As the year 2013 is now nearing its end, it is time to recapitulate the main events of the year from the OKC perspective. If I temporarily put on my Nobel hat (being the scientific secretary of the Nobel Committee for Physics) the main event from the Stockholm horizon is without doubt the Nobel Prize to Francois Englert and Peter Higgs for their almost 50-year old prediction from the early 1960’s that was so spectacularly confirmed by the ATLAS and CMS experiments at CERN’s LHC accelerator last year. Hats off for Englert and Higgs, and also for the many clever and hard-working experimentalists, in particular the ATLAS people of OKC such as Jonas Strandberg, who has been directly involved in the discovery of the Higgs particle in ATLAS. Of course we now look forward to the energy upgrade of LHC, which will increase the chances substantially to find the much awaited effects beyond the Standard Model that, hopefully, could give an indication of what the dark matter may consist of. At the Oskar Klein Centre we also have been searching in gamma-ray, positron and neutrino signals, without positive results (yet), but producing some of the best limits.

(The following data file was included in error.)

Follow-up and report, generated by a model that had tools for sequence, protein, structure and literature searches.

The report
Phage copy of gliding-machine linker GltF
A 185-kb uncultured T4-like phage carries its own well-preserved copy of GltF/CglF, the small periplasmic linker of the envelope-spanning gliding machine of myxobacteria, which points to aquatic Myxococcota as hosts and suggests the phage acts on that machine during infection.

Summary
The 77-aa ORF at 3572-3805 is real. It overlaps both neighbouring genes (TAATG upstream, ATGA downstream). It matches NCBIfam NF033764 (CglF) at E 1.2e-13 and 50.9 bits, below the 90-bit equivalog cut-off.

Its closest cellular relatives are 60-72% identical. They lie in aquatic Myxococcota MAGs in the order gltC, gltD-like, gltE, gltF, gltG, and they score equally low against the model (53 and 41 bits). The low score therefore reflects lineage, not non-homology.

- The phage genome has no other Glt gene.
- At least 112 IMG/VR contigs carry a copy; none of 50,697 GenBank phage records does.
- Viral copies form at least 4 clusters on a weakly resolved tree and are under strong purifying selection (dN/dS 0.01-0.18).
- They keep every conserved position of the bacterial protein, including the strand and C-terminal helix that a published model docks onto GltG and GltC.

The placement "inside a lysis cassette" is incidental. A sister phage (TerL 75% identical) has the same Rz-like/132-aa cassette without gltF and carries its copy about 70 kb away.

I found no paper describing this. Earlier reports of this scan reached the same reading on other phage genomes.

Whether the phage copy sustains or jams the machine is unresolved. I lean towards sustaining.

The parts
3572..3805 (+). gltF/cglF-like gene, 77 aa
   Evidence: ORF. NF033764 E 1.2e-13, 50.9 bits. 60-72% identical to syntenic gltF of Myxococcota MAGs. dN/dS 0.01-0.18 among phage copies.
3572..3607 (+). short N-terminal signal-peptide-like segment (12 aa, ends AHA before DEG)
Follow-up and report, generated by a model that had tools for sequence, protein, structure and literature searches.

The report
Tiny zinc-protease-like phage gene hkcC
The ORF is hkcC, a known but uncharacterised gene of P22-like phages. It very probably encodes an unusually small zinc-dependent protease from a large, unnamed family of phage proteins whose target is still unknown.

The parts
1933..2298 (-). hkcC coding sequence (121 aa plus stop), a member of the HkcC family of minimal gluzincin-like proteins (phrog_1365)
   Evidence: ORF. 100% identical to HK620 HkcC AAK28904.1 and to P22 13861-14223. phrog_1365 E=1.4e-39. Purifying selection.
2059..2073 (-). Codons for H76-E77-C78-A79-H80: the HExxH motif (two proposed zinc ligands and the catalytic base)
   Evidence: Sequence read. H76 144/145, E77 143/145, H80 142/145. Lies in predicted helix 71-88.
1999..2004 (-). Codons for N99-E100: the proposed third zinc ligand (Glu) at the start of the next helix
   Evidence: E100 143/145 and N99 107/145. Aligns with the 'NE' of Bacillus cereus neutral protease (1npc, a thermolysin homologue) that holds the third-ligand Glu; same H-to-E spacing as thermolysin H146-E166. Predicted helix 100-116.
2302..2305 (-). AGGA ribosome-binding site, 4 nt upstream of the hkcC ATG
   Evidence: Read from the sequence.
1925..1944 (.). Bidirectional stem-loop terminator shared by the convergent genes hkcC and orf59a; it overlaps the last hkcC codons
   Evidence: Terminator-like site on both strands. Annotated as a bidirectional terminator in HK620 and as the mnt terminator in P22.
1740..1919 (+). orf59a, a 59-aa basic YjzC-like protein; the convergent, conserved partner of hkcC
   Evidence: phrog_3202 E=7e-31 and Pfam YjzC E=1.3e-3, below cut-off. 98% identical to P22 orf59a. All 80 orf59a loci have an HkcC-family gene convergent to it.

Peter Higgs signing the Nobel Poster (prepared with the help of OKC's Sara Strandberg and Oscar Stål). Photo: L. Bergström.

The OKC has now been in existence for 5 years, and we will soon encounter the international mid-review panel of the Science Council (VR) of Sweden. By September 1st we had to submit our self-assessment report, containing a detailed description This meant a lot of work for me and the OKC Steering Group: Christophe Clement, Jan Conrad, Claes Fransson, Ariel Goobar, Klas Hultquist, Garrelt Mellema, Mark Pearce, Sara Strandberg and Göran Östlin (and of course our great communications manager, Serena Nobili). We hope that we managed to convey our great enthusiasm for the scientific outcome of the OKC during its first 5 years, and that the evaluation committee will agree that it has been a great success. In fact, when we meet them January 30th, we will have quite a number of recent sucesses to report: